Plans to install "super-fast" internet broadband in every British home will be partly funded by the BBC licence fee, according to a senior Liberal Democrat.
The coalition would drop the previous government's plans for a so-called "broadband tax", a 50p monthly levy on every phone line, and instead use some of the annual £145.50 licence fee to fund the nationwide roll-out of faster internet. It will be the first time that the licence fee has been used to fund anything other than the BBC, in what has been called "top-slicing".
In another proposal, the salaries of the BBC's highest-paid presenters, such as Graham Norton, could be made public for the first time under plans to force the Corporation to make its entire accounts available to the National Audit Office.
The measures were revealed yesterday at a media industry conference in London by Don Foster, the Liberal Democrats' former spokesman for Culture, Media and Sport. Mr Foster has not been given a ministerial role in the Government, but said that the proposals discussed by the department during his time in office would soon be revealed as policy.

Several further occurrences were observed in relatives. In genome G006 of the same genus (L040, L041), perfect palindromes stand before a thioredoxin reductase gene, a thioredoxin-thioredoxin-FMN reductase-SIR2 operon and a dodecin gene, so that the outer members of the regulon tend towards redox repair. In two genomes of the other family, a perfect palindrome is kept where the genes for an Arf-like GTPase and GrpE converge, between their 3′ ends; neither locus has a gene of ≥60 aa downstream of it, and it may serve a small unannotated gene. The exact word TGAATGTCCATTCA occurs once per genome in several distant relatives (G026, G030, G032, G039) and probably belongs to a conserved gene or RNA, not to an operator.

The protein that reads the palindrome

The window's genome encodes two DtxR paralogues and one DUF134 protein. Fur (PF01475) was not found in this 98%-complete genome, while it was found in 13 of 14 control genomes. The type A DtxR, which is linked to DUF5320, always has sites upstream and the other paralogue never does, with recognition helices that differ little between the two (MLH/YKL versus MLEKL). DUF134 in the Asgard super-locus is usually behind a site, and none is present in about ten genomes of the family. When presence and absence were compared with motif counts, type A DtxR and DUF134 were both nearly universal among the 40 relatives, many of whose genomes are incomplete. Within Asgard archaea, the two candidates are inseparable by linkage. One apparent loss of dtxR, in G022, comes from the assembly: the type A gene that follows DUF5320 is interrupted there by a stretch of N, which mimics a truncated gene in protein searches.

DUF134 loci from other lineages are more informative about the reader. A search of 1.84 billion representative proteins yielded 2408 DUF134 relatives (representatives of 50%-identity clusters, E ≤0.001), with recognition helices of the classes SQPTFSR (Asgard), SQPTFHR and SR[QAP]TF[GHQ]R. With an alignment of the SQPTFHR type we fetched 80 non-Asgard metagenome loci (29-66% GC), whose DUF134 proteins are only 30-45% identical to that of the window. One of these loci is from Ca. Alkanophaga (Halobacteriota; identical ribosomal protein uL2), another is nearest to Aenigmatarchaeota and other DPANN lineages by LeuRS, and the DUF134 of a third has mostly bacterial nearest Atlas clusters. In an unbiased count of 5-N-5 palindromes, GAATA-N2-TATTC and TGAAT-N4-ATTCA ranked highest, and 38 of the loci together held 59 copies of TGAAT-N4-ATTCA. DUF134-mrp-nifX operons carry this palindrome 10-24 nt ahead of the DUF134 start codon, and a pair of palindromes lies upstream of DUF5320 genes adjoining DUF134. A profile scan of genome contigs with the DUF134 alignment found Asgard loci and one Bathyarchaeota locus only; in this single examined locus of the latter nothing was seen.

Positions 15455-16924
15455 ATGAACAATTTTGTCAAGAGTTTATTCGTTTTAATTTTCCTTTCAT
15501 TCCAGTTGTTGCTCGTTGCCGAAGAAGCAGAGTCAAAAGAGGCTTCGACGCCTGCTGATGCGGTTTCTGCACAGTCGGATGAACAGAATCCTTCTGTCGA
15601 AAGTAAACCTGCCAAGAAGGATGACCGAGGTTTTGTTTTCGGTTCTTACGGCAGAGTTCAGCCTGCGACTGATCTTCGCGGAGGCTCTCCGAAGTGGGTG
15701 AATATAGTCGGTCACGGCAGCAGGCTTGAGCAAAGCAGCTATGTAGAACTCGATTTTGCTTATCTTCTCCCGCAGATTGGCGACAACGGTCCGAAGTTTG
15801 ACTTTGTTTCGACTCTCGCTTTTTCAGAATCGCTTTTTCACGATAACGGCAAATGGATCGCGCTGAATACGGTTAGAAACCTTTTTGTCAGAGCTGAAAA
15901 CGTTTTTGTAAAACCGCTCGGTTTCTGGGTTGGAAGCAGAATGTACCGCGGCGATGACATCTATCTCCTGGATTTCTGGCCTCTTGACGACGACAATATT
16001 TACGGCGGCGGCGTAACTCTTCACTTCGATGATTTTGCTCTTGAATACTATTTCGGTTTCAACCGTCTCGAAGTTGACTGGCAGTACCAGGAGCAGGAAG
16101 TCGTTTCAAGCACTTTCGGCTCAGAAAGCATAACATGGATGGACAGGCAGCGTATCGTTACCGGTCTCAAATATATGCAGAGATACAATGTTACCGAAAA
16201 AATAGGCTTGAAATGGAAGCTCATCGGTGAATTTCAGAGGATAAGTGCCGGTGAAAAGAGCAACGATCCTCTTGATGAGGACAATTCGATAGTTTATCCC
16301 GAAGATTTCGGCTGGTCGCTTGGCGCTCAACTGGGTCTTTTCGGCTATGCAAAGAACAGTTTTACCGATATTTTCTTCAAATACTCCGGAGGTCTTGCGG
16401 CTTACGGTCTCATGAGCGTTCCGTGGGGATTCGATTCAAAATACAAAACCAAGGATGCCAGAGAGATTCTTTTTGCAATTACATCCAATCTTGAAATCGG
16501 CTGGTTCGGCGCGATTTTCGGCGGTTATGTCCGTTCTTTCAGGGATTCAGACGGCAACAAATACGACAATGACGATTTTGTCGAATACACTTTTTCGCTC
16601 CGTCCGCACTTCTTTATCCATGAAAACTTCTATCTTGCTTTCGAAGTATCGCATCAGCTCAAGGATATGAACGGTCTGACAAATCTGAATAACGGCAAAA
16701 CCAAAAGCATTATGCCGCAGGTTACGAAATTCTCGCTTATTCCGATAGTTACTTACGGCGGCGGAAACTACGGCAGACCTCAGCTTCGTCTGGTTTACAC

The Government is expected to announce the appointment of a broadband minister by the end of this week, widely tipped to be Ed Vaizey, who has already been named as a junior minister in Jeremy Hunt's Department for Culture, Media and Sport. On Monday, Downing Street announced its public media policy would be published within the next two weeks, but a department spokesman refused to be drawn on Mr Foster's comments.
The revelations were made during a Question Time-style panel discussion at the annual Broadcast and Beyond conference held in London. The panel, was asked how the coalition would tackle BBC funding.
Mr Foster said: "I can tell you that the independence of the BBC will be maintained, but the sixth objective of the BBC Trust is going to be reviewed, which means the BBC is going to have to cough up for broadband roll-out."
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